TAMPA, Fla. (WFLA) — If you were wondering why there are still plenty of e-scooters and shared bikes scattered across Tampa during a time when sharing anything is discouraged, it’s because they’re deemed “essential” as a form of transportation.
But Hillsborough County emergency leaders still worry if the shared devices could spread disease.
Hillsborough County School Board chair Melissa Snively, who serves on the county’s Emergency Policy Group, raised the issue during the policy group’s Monday meeting.
“If people are not properly wiping down those mobility devies, then they could potentially be spreading,” Snively brought up during the teleconference.
She said the concern was first brought to her by a constituent, and cited an article in New England Journal of Medicine claiming the coronavirus can live on metal and plastic for up to 72 hours.
Tampa Mayor Jane Castor responded to Snively’s concerns stating that ridership is down dramatically. Castor also pointed out that shared mobility devices can be important modes of transportation, especially for low-income individuals.
“It still doesn’t negate the personal responsibility for cleaning any surface you’re about to touch,” Castor told 8 On Your Side.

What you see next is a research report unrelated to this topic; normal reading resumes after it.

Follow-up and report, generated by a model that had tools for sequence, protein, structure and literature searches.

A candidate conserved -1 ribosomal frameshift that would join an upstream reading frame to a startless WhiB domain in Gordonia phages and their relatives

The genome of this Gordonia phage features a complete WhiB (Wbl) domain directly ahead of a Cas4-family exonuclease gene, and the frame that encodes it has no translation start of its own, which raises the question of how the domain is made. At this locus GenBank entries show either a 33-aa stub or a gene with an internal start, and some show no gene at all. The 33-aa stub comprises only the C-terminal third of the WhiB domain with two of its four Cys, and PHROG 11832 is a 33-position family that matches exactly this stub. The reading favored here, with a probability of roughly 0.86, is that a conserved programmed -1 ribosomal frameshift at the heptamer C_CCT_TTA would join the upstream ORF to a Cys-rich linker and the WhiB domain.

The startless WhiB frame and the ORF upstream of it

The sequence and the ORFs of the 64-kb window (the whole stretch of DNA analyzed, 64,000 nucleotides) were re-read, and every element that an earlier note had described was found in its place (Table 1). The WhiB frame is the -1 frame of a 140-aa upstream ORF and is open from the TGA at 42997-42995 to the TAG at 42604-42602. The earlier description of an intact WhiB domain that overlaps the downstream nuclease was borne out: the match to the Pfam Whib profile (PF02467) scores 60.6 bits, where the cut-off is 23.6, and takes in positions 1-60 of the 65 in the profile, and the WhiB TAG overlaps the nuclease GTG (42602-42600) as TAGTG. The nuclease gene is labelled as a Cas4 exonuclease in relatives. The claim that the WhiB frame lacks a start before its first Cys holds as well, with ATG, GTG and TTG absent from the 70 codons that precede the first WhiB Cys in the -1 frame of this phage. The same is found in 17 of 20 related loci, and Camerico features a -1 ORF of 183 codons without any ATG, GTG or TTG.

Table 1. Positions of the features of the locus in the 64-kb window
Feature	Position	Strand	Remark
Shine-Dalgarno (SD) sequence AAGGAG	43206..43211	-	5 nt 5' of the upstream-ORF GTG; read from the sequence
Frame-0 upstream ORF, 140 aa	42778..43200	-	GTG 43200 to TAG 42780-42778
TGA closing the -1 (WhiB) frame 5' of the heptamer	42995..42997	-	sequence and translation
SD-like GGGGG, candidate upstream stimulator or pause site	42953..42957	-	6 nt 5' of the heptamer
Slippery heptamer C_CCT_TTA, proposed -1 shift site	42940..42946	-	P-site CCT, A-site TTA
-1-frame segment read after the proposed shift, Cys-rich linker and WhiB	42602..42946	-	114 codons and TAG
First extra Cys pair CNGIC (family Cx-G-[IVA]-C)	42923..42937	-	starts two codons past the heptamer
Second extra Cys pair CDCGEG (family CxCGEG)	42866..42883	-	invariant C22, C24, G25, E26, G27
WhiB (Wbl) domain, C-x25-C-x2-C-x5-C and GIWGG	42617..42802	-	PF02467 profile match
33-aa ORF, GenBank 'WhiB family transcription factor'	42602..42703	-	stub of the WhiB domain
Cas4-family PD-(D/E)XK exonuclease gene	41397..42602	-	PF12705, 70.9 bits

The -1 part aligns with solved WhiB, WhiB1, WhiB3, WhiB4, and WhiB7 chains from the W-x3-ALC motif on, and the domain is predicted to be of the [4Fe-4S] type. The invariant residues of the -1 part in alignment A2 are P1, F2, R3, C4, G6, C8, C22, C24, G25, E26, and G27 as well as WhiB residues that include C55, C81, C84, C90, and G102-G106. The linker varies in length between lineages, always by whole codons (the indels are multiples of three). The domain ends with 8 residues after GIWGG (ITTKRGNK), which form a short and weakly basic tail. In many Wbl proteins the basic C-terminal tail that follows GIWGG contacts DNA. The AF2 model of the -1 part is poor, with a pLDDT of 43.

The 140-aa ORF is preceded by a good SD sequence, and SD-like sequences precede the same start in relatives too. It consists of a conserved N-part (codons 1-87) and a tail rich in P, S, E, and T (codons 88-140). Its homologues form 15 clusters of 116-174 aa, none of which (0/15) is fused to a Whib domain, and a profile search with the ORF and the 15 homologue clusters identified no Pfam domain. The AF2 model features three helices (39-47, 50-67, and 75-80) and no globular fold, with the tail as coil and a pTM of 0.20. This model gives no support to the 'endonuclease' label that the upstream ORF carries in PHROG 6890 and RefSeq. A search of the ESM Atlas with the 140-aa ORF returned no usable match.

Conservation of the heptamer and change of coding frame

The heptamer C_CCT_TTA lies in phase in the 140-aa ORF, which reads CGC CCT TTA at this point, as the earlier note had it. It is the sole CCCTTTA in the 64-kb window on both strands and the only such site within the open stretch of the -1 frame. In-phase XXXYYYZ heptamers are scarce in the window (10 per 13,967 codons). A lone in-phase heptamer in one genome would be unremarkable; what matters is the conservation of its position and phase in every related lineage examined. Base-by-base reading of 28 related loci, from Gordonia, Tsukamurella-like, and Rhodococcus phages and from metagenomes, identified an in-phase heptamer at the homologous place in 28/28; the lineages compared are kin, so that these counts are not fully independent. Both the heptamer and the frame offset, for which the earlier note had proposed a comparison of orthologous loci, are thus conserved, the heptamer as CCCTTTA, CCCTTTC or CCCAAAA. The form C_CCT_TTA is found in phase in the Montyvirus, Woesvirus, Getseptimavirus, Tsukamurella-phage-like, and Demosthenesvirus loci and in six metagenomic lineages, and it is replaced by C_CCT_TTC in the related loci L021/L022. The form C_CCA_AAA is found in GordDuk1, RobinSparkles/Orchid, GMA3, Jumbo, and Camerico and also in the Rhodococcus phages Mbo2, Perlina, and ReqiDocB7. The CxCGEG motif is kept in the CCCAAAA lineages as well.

You’re encouraged to sanitize a shared scooter or bike before you hop on and once you’re done riding it.
Tampa’s four e-scooter providers have all taken a different approach to the crisis.
Bird has reduced its fleet, with Lime removing its scooters from the streets entirely.
Jump and Spin continue to operate but disinfect the scooters at least twice a day, we’re told.
Spin is even offering free rides and helmets to healthcare workers as a way to get to work.
HOPR who owns Coast Bike Share, the company behind the blue rental bikes in Tampa, tells 8 On Your Side’s they have been following CDC guidelines while team members are using PPE equipment while handling bikes. HOPR recommends customers continue to wash their hands before and after riding, and that they follow the CDC guidelines.
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